Years before Clay Smith became the literary director of the Texas Book Festival, the largest event of its kind in the state, he had an epiphany upon his full realization of the power of books to spark conversations and open minds in the culture at large. In 1995, after finishing his undergraduate studies at the University of Texas, Smith took a trip to Oxford (he had studied there one summer after graduating from high school). Walking near Pembroke College he entered a Christian bookshop and began perusing a novel published in 1988 that would not typically be considered a religious text: Alan Hollinghurst’s The Swimming Pool Library.
Set in London in the early 1980s, the novel showcases the life of 25-year-old Will, a gay man who is coming of age, exploring his sexual identity and connecting himself to the cultural foundation of being gay at that time. In reading one of the first novels that was not assigned to him, Smith was drawn into the narrative wholeheartedly. “It showed me that gay literature could be–how human it could be–while being a little subversive,” he said, adding that the woman behind the counter would barely touch the book and didn’t make eye contact with him. “There are some boundary-pushing elements to that book. The beauty of it is, I felt like straight people could read it and connect with the narrative. The protagonist has a real style and is a full human being.”
Smith recalled reading for school assignments as he was growing up in Amarillo, but he didn’t start reading for plea- sure until high school. Taking up Latin then, and subsequently majoring in it in college, fueled his literary pursuits. “I just loved it,” he said. “I read Cicero and Virgil.” What’s ironic about his career path is that his grandmother used to pay him twenty-five cents for every book that he would read during the summer. Unlike his grandmother, he wasn’t a natural or early reader. For her, books were a very real outlet and an imaginative force, which they eventually became for Smith.
What happened inside the small bookstore in Oxford drove home the point for Smith that reading is both a very solitary private interaction between a writer and a reader, and simultaneously something that can be made into a very public activity–which is what he facilitates now as the literary director for the Texas Book Festival. His leadership helps determine which authors out of thousands end up being fea- tured at the weekend-long literary festival.
Sitting on a vintage couch in his book-filled office on Brazos Street, with an old McGuffey’s Reading Chart, three black- and-white images of philosophers, and a framed Texas Book Festival poster from 2000 on the walls, Smith was by turns self-deprecating, introspective and witty. As someone who is getting paid to do what he loves with regard to writing, reading and producing culture, he recognizes his good fortune.
Journalism led Smith to his current role at the festival. He’d scored a proofreading internship at The Austin Chronicle in 1996 and was asked to come back as a full-time staffer.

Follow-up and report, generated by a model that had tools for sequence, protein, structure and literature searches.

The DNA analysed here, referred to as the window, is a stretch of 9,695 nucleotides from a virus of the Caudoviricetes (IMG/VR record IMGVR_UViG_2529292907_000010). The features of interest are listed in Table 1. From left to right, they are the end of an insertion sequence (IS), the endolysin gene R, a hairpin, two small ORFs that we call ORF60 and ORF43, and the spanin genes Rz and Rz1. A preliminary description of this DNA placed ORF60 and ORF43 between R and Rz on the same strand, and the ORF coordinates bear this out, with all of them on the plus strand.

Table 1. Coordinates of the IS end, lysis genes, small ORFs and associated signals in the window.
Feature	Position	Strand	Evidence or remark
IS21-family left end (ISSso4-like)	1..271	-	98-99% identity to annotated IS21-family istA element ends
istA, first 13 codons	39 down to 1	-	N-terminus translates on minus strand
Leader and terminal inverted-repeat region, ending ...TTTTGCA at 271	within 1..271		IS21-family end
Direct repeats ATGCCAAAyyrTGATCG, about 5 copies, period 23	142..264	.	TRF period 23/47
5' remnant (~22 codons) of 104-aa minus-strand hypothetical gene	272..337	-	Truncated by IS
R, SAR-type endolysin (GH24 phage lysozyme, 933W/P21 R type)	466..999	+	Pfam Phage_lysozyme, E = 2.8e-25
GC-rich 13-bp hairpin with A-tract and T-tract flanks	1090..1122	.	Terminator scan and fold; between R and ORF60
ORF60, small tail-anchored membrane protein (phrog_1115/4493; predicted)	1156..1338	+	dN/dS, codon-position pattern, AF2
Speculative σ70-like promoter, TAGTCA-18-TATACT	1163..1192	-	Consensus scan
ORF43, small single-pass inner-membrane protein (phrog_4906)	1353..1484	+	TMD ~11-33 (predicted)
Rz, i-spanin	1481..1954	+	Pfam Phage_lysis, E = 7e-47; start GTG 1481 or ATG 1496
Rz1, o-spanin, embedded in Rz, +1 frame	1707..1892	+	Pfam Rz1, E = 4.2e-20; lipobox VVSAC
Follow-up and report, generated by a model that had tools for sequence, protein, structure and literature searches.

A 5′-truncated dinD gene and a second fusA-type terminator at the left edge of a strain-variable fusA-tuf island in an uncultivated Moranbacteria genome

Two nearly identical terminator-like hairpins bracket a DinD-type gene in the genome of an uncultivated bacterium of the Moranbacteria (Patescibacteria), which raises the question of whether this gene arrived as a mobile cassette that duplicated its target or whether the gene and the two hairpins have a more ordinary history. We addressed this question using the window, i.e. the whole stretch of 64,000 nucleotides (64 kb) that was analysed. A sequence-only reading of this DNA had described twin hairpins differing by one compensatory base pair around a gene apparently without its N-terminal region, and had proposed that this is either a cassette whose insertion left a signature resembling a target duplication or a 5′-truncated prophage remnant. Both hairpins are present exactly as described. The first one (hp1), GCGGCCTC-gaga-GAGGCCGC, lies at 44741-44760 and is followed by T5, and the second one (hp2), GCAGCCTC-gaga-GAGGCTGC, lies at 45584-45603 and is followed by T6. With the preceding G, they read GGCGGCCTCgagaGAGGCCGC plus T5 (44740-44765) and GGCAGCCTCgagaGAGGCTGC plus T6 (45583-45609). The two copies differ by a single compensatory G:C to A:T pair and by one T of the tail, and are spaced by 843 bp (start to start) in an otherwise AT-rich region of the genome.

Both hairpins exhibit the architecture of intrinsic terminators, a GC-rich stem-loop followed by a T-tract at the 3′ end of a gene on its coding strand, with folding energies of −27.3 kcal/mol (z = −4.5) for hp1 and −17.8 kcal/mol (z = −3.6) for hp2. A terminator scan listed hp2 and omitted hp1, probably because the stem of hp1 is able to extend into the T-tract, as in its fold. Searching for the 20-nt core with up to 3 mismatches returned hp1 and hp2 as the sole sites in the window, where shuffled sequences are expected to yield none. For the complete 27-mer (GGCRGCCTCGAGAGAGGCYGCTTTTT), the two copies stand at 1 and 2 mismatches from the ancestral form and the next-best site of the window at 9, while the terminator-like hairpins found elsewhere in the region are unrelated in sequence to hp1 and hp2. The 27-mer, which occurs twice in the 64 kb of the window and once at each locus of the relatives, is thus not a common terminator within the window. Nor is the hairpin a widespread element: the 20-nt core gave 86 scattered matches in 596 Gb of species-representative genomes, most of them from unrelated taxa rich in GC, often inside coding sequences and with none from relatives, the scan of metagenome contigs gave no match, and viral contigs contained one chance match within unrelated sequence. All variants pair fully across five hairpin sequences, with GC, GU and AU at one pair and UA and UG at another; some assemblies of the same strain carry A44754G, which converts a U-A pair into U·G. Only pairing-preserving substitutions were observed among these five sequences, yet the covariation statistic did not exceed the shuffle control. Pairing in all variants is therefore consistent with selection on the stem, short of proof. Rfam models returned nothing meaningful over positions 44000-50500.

At the time, he was wavering between attending graduate school for the classics or becoming a journalist. Ultimately, the prospect of writing for the Chronicle’s wide audience was impossible to resist. Stints as the books editor and writing for the film and food sections led to a promotion to senior editor by the time he left in 2002 to attend graduate school at New York University’s Arthur L. Carter Journalism Institute, where he specialized in cultural reporting and criticism.
While editing at the Chronicle, Smith recruited new writers. “Clay was an editor who seemed to be driven by genuine intellectual curiosity, and he really allowed his writers to follow their deepest interests,” said David Garza, now the director of institutional giving at Gay Men’s Health Crisis in New York City. “He also took leaps of faith with his freelancers. I was a 22-year-old kid when he gave me my first assignment and he treated me like I’d been doing the work for years.”
“The beauty of being at the Chronicle is that if you are ambitious you can write across beats,” said Smith, “whereas at a daily paper, it tends to be more proscribed.”
A brief internship at The Independent, a now-defunct film magazine, led to his work for the Sundance Film Festival’s website. His former editor at The Independent started working for Sundance in 2005 and recruited Smith early that year to interview filmmakers and write about film for the world-renowned festival’s website. Having primarily interviewed people who want the coverage–writers, filmmakers, artists and activists–Smith tried his hand at investigative journalism via a six-month fellowship at The Dallas Observer. He realized quickly that it wasn’t for him. The Chronicle connection led to his position at the Texas Book Festival, as he’d served on the festival’s adult selection committee when hewas the paper’s book editor.